Cooperative Fish and Wildlife Research Units Program: Wyoming
Education, Research and Technical Assistance for Managing Our Natural Resources

Wyoming Project

Effects of pathways within Grand Teton National Park on avian abundance, distribution, diversity, and productivity of focal species

September 2011 - November 2011


Participating Agencies

  • Rocky Mountains Cooperative Ecosystem Studies Unit (RM-CESU)
  • National Park Service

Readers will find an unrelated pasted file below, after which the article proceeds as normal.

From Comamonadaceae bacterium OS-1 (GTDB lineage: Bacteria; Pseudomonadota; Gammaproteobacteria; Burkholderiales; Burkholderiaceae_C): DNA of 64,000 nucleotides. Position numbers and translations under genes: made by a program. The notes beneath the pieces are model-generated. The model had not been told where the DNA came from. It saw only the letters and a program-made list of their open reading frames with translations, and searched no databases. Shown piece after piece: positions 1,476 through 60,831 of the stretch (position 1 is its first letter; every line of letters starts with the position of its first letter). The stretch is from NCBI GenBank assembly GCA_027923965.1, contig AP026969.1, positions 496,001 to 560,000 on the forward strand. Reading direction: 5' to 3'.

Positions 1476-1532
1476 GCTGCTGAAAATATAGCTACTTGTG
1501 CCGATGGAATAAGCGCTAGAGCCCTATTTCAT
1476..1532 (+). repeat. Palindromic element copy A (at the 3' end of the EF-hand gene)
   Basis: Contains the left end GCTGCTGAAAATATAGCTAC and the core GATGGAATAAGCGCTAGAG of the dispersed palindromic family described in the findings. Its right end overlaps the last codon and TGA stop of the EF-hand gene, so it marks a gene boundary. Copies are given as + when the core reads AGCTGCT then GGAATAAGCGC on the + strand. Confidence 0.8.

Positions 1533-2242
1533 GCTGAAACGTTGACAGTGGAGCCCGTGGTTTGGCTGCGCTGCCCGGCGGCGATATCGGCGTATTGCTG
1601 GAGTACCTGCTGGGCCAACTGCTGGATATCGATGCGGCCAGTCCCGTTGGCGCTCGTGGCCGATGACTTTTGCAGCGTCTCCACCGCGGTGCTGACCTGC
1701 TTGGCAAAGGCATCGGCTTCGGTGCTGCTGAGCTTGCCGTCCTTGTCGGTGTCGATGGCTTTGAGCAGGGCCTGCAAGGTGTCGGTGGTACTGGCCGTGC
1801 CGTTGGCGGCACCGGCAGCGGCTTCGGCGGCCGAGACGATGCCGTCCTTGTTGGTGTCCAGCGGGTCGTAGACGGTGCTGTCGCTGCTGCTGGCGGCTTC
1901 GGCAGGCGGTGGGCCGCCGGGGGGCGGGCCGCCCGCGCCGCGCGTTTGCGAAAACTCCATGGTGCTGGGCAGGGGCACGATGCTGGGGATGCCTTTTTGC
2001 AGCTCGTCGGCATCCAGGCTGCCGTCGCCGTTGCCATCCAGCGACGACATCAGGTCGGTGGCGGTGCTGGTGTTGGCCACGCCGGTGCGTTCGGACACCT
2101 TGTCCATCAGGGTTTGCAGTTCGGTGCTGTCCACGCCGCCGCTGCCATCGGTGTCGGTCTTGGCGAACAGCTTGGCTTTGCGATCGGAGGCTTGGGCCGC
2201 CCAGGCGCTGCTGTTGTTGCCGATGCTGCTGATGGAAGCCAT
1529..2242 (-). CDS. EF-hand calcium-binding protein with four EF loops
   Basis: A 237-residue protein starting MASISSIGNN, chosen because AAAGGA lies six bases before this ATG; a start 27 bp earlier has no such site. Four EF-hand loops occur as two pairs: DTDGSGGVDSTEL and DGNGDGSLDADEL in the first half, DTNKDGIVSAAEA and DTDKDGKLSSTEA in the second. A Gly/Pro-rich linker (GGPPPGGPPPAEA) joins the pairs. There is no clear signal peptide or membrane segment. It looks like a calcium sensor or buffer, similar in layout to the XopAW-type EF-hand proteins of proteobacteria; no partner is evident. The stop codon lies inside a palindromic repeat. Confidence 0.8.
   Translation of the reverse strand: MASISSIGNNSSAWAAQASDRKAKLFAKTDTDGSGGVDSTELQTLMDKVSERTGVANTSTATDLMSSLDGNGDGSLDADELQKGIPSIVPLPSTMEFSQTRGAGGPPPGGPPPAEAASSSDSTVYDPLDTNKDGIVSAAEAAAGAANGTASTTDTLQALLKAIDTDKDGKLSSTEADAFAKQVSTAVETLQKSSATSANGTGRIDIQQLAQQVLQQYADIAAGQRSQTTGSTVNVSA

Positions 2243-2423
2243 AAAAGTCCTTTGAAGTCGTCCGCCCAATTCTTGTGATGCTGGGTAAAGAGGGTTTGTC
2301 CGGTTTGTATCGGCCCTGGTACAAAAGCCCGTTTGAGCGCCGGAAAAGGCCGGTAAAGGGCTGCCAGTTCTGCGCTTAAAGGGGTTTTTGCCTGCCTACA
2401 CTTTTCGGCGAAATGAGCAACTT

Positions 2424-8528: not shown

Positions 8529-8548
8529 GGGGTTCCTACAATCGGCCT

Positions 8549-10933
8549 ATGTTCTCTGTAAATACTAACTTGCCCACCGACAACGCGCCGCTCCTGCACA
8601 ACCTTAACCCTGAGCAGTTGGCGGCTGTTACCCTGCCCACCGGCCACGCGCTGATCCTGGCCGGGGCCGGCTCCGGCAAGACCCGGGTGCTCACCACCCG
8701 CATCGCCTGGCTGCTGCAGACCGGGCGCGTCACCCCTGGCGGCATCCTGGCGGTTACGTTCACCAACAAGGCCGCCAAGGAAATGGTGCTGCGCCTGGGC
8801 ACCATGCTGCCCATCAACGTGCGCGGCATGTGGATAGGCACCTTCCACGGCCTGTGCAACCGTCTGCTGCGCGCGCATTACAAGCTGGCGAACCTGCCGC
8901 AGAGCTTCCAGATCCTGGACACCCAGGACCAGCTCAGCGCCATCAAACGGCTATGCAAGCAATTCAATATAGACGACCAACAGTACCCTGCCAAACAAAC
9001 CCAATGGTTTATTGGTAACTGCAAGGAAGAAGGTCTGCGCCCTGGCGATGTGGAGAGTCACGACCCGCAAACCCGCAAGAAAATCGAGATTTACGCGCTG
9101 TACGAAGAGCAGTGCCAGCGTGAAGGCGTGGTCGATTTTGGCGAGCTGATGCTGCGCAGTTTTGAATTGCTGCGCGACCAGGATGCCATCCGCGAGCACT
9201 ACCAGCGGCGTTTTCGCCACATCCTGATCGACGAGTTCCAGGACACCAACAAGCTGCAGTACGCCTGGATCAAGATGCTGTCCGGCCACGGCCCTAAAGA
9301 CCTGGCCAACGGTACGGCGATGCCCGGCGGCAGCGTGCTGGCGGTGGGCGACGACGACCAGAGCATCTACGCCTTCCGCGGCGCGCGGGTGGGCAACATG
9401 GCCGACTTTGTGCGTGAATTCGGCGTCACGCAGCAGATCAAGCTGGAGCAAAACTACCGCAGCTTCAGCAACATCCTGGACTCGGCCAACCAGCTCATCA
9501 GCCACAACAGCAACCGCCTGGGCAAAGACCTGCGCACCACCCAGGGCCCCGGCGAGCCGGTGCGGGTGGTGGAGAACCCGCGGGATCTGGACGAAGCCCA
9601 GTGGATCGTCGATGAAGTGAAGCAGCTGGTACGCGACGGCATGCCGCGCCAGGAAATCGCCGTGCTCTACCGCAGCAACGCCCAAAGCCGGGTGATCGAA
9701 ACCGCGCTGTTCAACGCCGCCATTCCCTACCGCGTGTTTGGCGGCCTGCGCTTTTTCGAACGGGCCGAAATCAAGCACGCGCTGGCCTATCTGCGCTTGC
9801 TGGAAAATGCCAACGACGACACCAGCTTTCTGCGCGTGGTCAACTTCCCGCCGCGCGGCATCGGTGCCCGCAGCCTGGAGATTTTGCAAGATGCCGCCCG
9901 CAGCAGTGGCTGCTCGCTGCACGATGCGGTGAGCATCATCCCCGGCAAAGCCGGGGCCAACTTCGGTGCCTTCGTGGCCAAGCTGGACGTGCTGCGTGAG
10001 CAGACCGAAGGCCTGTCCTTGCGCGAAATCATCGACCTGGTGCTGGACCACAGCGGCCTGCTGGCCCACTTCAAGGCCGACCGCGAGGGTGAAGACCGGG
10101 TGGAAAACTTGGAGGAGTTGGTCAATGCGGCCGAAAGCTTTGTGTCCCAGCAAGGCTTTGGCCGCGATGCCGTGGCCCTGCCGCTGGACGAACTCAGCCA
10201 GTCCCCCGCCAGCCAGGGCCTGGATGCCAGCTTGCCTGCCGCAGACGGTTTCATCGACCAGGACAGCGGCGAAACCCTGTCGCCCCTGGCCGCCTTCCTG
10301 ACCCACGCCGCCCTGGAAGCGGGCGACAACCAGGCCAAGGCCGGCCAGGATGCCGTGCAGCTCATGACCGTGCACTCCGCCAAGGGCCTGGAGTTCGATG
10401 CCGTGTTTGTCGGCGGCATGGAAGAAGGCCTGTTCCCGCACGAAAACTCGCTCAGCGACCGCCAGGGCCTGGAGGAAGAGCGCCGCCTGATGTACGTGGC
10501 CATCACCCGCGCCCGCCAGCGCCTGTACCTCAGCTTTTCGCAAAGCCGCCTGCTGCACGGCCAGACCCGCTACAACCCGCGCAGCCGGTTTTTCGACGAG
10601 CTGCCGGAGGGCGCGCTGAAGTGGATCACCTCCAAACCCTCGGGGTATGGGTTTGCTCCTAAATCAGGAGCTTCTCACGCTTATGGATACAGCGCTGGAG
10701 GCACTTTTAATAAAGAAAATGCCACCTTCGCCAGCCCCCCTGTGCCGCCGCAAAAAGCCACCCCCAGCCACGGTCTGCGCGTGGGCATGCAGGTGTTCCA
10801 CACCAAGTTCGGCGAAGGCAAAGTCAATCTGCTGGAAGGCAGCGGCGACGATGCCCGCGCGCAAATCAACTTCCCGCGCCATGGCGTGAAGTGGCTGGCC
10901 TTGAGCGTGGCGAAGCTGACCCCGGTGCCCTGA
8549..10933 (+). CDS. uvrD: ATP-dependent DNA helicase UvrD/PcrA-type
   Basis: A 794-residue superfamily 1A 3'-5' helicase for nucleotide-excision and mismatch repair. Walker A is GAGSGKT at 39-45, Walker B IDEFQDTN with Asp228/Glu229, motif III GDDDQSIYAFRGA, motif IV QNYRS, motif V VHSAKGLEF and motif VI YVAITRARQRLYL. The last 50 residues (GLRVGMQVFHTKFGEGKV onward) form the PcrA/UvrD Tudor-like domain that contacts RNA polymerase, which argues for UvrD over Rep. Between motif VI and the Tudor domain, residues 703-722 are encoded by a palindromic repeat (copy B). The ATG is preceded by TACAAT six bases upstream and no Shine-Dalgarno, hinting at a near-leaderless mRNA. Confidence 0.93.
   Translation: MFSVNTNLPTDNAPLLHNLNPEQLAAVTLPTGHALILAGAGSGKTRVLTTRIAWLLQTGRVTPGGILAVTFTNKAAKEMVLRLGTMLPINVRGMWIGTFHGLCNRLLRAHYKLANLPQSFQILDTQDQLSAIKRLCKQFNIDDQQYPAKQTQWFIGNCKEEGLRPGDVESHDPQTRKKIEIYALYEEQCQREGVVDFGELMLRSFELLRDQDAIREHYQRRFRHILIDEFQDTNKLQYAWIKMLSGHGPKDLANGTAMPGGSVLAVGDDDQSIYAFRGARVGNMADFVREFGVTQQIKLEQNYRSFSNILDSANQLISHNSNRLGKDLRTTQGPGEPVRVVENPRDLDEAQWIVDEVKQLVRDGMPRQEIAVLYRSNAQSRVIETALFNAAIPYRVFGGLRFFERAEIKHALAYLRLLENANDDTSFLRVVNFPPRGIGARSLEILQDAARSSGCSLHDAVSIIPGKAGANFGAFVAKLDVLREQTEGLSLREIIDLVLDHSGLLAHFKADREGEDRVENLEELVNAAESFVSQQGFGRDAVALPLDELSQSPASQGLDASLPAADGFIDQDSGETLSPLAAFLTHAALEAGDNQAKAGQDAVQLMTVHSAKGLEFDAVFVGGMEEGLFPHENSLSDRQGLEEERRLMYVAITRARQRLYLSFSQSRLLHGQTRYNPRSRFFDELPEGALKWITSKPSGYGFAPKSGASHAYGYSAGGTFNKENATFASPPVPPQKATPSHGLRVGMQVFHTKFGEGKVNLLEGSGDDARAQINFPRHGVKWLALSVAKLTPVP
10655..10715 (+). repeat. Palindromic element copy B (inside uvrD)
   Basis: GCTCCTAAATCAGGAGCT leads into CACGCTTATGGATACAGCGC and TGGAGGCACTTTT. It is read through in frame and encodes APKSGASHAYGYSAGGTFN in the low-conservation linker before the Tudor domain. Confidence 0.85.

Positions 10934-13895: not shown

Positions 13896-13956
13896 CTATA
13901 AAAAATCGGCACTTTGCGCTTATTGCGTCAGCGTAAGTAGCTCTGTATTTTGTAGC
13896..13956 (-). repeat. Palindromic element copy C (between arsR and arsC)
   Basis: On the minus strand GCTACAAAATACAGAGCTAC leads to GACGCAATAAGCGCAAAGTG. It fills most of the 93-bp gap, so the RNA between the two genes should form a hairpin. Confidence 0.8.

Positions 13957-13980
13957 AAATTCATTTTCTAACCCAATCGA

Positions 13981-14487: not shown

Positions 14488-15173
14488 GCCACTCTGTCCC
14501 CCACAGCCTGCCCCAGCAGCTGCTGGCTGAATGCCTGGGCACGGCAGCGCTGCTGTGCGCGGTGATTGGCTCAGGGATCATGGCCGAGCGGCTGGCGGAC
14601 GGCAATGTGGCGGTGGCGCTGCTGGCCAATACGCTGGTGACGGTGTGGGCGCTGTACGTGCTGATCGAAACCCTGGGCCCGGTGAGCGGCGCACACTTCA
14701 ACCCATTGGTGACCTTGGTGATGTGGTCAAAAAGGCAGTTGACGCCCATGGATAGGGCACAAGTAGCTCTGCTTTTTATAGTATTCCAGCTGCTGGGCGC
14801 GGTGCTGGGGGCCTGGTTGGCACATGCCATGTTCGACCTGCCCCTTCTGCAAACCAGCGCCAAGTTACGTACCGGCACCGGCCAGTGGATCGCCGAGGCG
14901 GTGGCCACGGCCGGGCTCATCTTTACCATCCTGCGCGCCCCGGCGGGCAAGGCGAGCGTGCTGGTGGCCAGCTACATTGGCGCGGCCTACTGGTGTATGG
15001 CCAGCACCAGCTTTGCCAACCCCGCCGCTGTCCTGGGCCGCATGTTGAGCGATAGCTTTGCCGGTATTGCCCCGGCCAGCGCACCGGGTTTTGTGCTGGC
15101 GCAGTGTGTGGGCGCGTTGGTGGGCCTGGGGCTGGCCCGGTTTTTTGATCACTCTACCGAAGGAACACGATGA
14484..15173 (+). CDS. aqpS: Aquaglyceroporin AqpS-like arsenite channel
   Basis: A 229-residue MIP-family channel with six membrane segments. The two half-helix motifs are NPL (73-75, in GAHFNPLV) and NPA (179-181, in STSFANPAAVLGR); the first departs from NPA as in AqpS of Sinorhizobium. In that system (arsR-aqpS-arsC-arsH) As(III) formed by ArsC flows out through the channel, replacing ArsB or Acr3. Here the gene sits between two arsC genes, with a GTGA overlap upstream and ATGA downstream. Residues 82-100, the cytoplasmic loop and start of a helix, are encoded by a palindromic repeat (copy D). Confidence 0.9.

Landbirds are an integral component of park ecosystems and serve a wide range of ecological roles from pollinating plants to controlling insect populations. Proposed construction of a bicycle pathway through portions of Grand Teton National Park beginning in spring/summer 2008 may pose a threat to landbird abundance, diversity, productivity, and/or breeding behavior, as numerous migratory landbird species breed within the lower elevation shrub steppe and forest habitat through which the pahtway will traverse. Human-induced changes to natural landscapes have become ubiquitous, resulting in exposure of wildlife populations to novel stressors (Munns 2006). While it is clear that changes such as habitat loss can directly impact wildlife species, less clear is the extent to which human presence itself functions as a disturbance that influences wildlife behaviors with important finess consequences. Animals clearly respond to perceived risk of predation by natural predators via, for example, fleeing, or altering foraging and/or breeding habitat election (Marzluff 1988, Hakkarainen et al. 2001, Frid and Dill 2002, Blumstein 2006, Borkowski et al. 2006, Fontaine and Martin 2006). Such responses can alter access to important resources, energy budgets, and therefore attributes such as body condition (Bechet et al. 2004) with potential impacts to survival and reproductive output. Of critical importance to the management of wildlife populations is therefore to derermine 1) whether wildlife species perceive human presence as predation risk, 2) how individuals respond to suck risk, and 3) how such responses influence fitness consequences and therefore population dynamics and community structure. Birds are known to respond behaviorally to perceived predation risk (e.g., Marzluff 1988, Hakkarainen et al. 2001, Fontaine and Marin 2006, Chalfoun and Martin, unpublished data), and may therefore respond similarly to human disturbance. This project will therefore evaluate the potential impacts of pathway development and use on breeding landbird species.